U.S. Sen. Lisa Murkowski, along with the North Slope Contractors Association and the pipeline trade unions, held a press conference on Friday afternoon to urge voters to vote against ballot measure 1 in August. The measure would repeal a recently passed oil-tax overhaul, and would revert it back to ACES, the system that was passed during Sarah Palin’s tenure in Juneau.
Murkowski, the eight union reps and contractors all said basically the same thing: The future of Alaska is at stake. Under the new regime, the state stands an economic chance. Under the old regime, it doesn’t.
“At end of the day, what oil tax reform was all about was ensuring that we have good strong jobs and a good strong economy in the future,” Murkowski said.
The unions and the contractors represent thousands of workers, and because the union vote is often a Democratic vote, it was likely the biggest show of bi-partisan support against the measure to date. The Alaska Democratic Party, and most Democratic lawmakers and candidates support repeal. U.S. Sen. Mark Begich, who’s undoubtedly the titular head of the party, said that he’ll remain neutral, as will the Alaska AFL-CIO, and likely the teachers union.
Passing ACES, then the years’ long fight to change it to the current structure, and now the fight to revert back to ACES, has been energy sucking and grueling, to put it mildly. Those who support repeal say that the old system gave Alaska its fair share of oil revenue at long last. Those who oppose it talk about how the system, which took more as the price of oil increased, has been stifling investment in Alaska’s aging oil fields.
One side has the money. The other side has the passion and idealism. From both sides numbers are proffered. Charts are presented. Experts saying one thing. Other experts saying another. It goes on, and on.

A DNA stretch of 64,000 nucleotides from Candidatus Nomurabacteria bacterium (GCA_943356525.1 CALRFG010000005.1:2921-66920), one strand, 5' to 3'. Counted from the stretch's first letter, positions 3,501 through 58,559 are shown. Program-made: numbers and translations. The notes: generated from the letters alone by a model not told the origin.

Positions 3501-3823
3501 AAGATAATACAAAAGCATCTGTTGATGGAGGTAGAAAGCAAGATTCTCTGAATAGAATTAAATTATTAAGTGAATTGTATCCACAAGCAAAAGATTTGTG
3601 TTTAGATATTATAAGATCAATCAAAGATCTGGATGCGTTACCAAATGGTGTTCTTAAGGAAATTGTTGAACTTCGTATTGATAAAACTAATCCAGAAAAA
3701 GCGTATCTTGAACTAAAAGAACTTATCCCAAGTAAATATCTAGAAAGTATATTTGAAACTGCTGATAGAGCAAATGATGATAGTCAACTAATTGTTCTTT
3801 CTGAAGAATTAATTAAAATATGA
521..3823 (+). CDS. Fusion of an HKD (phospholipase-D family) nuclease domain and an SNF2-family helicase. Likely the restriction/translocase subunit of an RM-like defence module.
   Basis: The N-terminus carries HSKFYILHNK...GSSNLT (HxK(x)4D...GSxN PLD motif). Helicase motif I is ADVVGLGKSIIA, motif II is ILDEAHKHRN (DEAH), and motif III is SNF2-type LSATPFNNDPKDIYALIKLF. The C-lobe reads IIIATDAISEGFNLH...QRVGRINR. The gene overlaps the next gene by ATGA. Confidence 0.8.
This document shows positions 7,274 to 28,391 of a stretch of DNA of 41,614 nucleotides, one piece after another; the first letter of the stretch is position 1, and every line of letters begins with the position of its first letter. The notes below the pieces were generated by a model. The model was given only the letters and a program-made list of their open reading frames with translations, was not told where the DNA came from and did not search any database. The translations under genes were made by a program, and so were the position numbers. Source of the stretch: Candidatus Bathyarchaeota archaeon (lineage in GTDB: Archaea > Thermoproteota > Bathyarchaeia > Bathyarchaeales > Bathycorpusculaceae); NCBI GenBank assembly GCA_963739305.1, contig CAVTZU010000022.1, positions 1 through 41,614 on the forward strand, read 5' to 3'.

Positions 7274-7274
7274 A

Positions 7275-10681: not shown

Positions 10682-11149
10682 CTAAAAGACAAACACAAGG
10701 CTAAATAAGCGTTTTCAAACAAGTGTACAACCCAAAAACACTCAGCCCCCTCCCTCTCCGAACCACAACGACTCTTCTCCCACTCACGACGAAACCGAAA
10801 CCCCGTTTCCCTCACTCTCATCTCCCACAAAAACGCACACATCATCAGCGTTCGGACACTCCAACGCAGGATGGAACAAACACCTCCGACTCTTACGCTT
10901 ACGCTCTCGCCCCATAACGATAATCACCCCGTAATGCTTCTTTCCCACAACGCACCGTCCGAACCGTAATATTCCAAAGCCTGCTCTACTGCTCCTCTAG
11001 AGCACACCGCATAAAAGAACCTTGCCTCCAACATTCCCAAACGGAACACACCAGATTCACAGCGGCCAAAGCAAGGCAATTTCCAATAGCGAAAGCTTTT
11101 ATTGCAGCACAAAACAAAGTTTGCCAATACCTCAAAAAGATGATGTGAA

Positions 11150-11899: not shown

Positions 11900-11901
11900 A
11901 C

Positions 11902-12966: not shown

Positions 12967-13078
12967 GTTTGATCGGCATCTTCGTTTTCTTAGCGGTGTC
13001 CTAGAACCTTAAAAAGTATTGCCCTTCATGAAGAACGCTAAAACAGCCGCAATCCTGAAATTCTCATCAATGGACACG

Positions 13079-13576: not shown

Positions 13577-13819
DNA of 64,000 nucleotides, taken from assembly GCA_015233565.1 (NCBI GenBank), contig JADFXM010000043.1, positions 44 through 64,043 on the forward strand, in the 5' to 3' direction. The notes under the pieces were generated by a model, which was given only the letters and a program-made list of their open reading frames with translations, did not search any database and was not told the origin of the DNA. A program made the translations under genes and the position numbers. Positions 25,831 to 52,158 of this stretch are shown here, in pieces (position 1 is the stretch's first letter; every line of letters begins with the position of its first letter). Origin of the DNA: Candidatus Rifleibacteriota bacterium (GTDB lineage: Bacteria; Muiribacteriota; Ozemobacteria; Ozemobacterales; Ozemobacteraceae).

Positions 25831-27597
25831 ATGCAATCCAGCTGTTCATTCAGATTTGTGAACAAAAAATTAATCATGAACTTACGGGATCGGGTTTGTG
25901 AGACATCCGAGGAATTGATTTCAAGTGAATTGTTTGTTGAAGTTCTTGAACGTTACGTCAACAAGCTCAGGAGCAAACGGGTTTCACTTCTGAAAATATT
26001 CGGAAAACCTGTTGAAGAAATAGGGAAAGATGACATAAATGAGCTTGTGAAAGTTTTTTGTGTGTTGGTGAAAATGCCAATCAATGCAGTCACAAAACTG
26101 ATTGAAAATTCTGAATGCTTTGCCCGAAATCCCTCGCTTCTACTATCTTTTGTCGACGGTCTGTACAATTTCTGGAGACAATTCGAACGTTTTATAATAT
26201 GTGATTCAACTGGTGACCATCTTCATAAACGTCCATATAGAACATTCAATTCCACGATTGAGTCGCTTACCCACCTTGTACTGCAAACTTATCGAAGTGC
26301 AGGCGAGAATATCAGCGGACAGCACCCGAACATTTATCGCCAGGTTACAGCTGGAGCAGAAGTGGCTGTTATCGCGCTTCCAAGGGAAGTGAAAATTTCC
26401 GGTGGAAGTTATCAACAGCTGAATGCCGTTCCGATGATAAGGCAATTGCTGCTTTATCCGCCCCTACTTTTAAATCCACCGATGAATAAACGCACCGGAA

Although the intensity has risen, the nub of the issue isn’t new. Alaskans have been arguing about oil taxes since Prudhoe Bay, the largest oil field in North America, was discovered in 1968. Some might even say it’s been consumed with the issue. And as time has gone on, and as the state has relied more on oil tax revenue, the arguments have become increasingly divisive.
This is what happens when an issue morphs from simply an issue into a symbol. When that happens, each side chooses their own facts, and they sit in their corners and refuse to budge. Alaskans know this well. Think ANWR. Think Pebble, which was fast becoming the next ANWR. Think ObamaCare.
In all of the arguments about oil taxes, only a few things are absolute in the debate: Oil production has dropped from its peak of 2 million barrels a day in 1989, to about 550,000 today. The state’s general fund is about 90 percent reliant on oil money, and when it gets more money, it spends more money. Every Alaskan gets a check every year because of oil, and we don’t pay any state income or sales tax. There is nothing in the foreseeable future that will replace oil as Alaska’s economic driver. Those are the facts.
The questions: Why is production declining so precipitously? Will lower taxes help? Is the state being taken advantage of by the oil companies? Are we getting our fair share?